Figure 2

Preoperative left vertebral angiogram note the tumor stain. The tumor is fed by the vermian branch of the left posterior inferior cerebellar artery. A flow-related aneurysm (arrow) is seen in the arterial phase


Figure 3

Left vertebral angiograms. (a)Intraoperative view before embolization (b) Superselective angiograms from the microcatheter show a dumbbell-shaped aneurysm just distal to the catheter tip. (c) NBCA injection into the aneurysm and the distal and proximal part of the feeder. (d) Complete disappearance of the aneurysm and the anterior part of the tumor stain seen in Figure 2


Figure 4

(a) Intraoperative findings. Note the ruptured aneurysm (arrow) on the feeder near the vascular-rich tumor (asterisk). (b) Microphotograph of the aneurysm showing disruption of the internal elastic lamina and rupture of the adventitia (Elastica van Giesson staining, original magnification ×10)



Glacker et al.[ 3 ] reported that the probability of spontaneous hemorrhage from hemangioblastomas is very low (0.024%/person/year) and that lesions smaller than 1.5 cm present no risk for spontaneous hemorrhage. Despite of the report, our patient suffered recurrent hemorrhages despite the small size of her tumor. We posit that flow-related aneurysms associated with hemangioblastomas can be the cause of bleeding even if the tumor is small, therefore we recommend preoperative studies such as cerebral angiography or high resolution enhanced CT to confirm the peritumoral angioarchitecture.

Although many cases about hemorrhage associated with hemangioblastomas have been reported in patients without other vascular anomalies, only six studies[ 4 7 8 13 15 16 ] documented aneurysms associated with hemangioblastomas. Only two patients with rupture suffered aneurysmal SAH 5 years[ 7 ] and 23 months[ 15 ] after tumor removal [ Table 1 ]. De San Pedro et al.[ 2 ] concluded from the literature that aneurysms associated with hemangioblastomas were a negligible source of hemorrhage. In our patient, aneurysmal wall rupture was confirmed pathologically; consequently we thought that the origin of hemorrhage was a ruptured flow-related PICA aneurysm on the tonsillar segment. This is the first case of the rupture, before tumor removal, of a flow-related aneurysm associated with hemangioblastoma.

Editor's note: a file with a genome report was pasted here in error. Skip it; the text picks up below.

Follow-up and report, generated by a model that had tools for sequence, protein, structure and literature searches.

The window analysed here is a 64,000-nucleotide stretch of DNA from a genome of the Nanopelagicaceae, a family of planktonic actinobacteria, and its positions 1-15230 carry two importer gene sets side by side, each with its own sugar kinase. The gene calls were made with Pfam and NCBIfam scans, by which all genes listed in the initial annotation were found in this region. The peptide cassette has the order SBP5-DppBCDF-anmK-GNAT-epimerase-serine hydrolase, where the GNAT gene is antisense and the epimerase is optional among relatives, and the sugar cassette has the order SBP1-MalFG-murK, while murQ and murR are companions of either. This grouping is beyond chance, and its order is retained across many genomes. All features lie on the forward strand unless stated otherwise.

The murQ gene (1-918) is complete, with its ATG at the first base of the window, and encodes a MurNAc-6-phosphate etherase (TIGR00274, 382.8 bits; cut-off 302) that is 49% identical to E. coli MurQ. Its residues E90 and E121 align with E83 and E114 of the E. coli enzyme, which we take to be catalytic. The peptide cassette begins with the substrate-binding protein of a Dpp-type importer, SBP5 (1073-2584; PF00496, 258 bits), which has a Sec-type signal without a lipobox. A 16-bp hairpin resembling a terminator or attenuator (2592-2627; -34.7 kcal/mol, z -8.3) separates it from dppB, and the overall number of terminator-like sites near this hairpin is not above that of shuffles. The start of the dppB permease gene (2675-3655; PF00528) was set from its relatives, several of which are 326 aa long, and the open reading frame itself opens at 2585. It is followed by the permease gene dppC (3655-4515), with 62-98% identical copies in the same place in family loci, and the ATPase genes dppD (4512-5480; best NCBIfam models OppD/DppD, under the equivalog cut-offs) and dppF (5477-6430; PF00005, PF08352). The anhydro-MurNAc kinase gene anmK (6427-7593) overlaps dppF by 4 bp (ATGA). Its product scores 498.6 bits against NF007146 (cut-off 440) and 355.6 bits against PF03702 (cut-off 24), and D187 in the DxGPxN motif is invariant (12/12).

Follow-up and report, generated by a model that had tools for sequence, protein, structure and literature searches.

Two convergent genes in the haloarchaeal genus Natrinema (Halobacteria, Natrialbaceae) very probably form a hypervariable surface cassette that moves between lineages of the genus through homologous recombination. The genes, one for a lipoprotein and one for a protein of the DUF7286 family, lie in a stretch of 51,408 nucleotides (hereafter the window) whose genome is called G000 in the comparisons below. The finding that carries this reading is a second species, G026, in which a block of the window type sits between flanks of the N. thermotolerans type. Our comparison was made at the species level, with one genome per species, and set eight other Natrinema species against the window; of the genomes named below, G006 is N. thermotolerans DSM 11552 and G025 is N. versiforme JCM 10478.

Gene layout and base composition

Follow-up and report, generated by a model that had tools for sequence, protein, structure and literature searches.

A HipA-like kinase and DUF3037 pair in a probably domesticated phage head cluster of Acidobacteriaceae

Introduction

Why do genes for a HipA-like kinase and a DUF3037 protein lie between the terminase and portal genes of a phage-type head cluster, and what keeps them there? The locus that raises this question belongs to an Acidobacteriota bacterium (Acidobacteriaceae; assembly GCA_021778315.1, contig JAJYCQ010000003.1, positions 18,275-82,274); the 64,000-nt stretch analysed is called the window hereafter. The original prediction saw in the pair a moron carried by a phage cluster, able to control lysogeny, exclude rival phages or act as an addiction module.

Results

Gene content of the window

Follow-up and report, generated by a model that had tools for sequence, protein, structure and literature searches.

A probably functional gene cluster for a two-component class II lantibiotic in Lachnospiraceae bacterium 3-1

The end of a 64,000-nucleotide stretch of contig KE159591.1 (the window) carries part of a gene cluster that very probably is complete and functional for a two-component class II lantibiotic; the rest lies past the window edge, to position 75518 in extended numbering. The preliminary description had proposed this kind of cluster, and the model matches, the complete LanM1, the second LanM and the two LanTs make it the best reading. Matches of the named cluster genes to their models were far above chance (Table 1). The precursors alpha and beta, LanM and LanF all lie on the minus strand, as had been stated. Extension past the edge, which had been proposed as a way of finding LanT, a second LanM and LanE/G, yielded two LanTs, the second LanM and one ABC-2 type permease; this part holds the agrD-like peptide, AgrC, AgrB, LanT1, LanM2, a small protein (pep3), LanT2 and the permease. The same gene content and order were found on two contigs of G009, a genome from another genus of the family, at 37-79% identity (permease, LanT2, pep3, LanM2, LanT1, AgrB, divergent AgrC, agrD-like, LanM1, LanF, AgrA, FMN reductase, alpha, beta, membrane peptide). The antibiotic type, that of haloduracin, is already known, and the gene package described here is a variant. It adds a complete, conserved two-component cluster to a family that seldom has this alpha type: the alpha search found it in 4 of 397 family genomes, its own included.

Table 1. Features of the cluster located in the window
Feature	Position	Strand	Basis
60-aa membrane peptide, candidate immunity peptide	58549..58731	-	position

Table 1

Previously-reported cases of aneurysm associated with hemangioblastoma


Cerebral angiographs of intracranial hemangioblastomas typically show intense tumor blush from the feeding arteries and enlargement of the drainers in the late arterial- or capillary phase. These findings are indicative of high tumor vascularity and an increase in the regional blood flow from a slightly enlarged feeding artery to the draining vein. This results in hemodynamic stress that may lead to the formation of an aneurysm on the feeder as like brain arteriovenous malformations (AVMs). In previous large studies of brain AVMs, the incidence of flow-related aneurysms associated with AVMs ranged from 10.9% to 30.7%, and from 45% to 83.3% in patients who manifested hemorrhage.[ 5 6 10 ] Westphal et al.[ 14 ] and Schmidt et al.[ 12 ] suggested that infratentorial location of flow-related aneurysms associated with AVMs have significantly increased the risk of hemorrhage. As our case, aneurysms associated with hemangioblastomas in the posterior fossa may have higher frequent risk of rupture compared with them in other locations.

Whether flow-related aneurysms are at increased risk for rupture and whether they should be addressed before the treatment of AVMs remains controversial.[ 5 6 10 ] We suggest that ruptured aneurysms associated with hemangioblastoma should be treated first by embolization or direct surgery when embolization is difficult.

The preoperative embolization of hemangioblastomas has been debated.[ 1 9 11 ] Cornelius et al.[ 1 ] reported that preoperative embolization of cerebellar hemangioblastomas using particle has a high risk for acute tumor bleeding and death. Sakamoto et al.[ 11 ] reported that the preoperative embolization of hemangioblastomas using glue is superior to embolization with particles. Murai et al.[ 9 ] suggested that endovascular treatment using glue was safe and effective and lowered the risk for post-embolization intratumoral hemorrhage and the recanalization of occluded vessels. In our case, we opted for NBCA as embolic material because it can provide simultaneously the embolization of the aneurysm and the tumor to prevent aneurysmal bleeding and intraoperative hemorrhage during tumor resection. We propose our treatment method if there are no normal branches arising at the more distal part of the feeder.


We encountered a patient with hemangioblastoma and a ruptured aneurysm on the distal PICA, the main feeder. The flow-related aneurysm was treated by embolization using NBCA and the hemangioblastoma was subsequently resected totally. Merit of this treatment is that the aneurysm and the tumor feeder are simultaneously embolized by a single procedure. Cerebral angiographs should be obtained to rule out vascular anomalies near the tumor and to avoid unpredictable intraoperative bleeding in patients with hemangioblastoma and hemorrhage.